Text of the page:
After he served 28 years in the Canadian military, Stephane Marcotte found himself in a dark place. He was diagnosed with PTSD and he was having trouble even going outside.

“I was trapped in my house, in my basement,” he told CTV Vancouver. “Medication didn’t work anymore.”

It wasn’t until Marcotte met Sarge – a PTSD service dog – that his life began to change.

“He came into the room and he just sat right on my foot and he chose me,” he said. “That saved my life.”

Marcotte was able to connect with the Labrador retriever after he contacted a local group that trains psychiatric service dogs.

He’s one of the fortunate ones because the demand for service dogs for veterans has surpassed the supply, according to the charity Wounded Warriors Canada.

“We have a waiting list of approximately two years with most of our providers,” Phil Ralph, the national program director for Wounded Warriors Canada, said.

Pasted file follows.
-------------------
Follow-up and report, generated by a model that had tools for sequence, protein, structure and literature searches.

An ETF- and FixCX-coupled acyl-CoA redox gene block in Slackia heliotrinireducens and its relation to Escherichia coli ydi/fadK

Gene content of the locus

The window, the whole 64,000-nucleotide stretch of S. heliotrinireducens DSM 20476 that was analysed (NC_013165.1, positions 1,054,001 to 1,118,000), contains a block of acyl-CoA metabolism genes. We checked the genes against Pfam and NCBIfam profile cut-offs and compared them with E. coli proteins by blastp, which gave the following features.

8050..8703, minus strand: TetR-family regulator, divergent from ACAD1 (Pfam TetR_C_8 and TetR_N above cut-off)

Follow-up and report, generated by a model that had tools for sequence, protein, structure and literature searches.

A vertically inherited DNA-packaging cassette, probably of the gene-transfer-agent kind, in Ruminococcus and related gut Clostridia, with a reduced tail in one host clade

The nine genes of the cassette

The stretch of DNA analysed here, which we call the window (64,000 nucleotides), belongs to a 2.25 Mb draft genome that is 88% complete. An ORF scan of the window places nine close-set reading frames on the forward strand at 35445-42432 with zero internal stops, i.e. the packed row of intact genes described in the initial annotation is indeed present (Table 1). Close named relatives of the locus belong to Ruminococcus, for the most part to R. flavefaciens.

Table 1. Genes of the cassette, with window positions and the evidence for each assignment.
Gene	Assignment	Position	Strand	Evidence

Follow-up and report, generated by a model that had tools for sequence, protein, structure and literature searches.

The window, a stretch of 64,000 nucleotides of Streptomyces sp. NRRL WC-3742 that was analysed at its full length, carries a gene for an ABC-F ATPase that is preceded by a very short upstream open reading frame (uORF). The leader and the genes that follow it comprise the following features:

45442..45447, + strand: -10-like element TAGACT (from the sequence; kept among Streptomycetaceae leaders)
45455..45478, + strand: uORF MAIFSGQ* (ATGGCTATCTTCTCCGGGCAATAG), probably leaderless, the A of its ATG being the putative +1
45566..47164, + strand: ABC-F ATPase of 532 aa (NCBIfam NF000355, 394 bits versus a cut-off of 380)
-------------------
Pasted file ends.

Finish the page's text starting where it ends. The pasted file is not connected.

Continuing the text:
Training dogs to become PTSD service animals takes time and money, according to Ralph. A single dog can cost as much as $15,000 – which is funded entirely by donations.

The charity hopes the federal government will step in and commit to funding the training of more service dogs for veterans.

“In the end it would mean more dogs would get into the hands of veterans in need,” Ralph said.

Veterans Affairs Canada recently conducted a pilot study that examined how service dogs can help veterans with PTSD.

According to the results released this year, the study found that veterans with PTSD had decreased nightmares, improved sleep, improved quality of life, decreased symptoms of PTSD, and a slight increase in physical activity after they acquired a service dog.

It’s a finding Marcotte can personally attest to after he found Sarge.

“If I have a nightmare, he just wakes me up,” he said. “He calms me down. He gets me out of the house and we go play in the park.”

In a statement to CTV News, Veteran Affairs Canada said it was “looking into options” for funding PTSD service dogs. The ministry also said there is already an available tax credit for service dogs that can save military personnel up to $1,500.

The ministry said it intends to adopt national standards for the training of service dogs, but there is currently no timeline for that decision.

Marcotte said he hopes it will be soon so other veterans will find the same comfort he has with his dog.

“I can enjoy life,” he said. “That’s what the service dog gives you back.”

With a report from CTV Vancouver’s Maria Weisgarber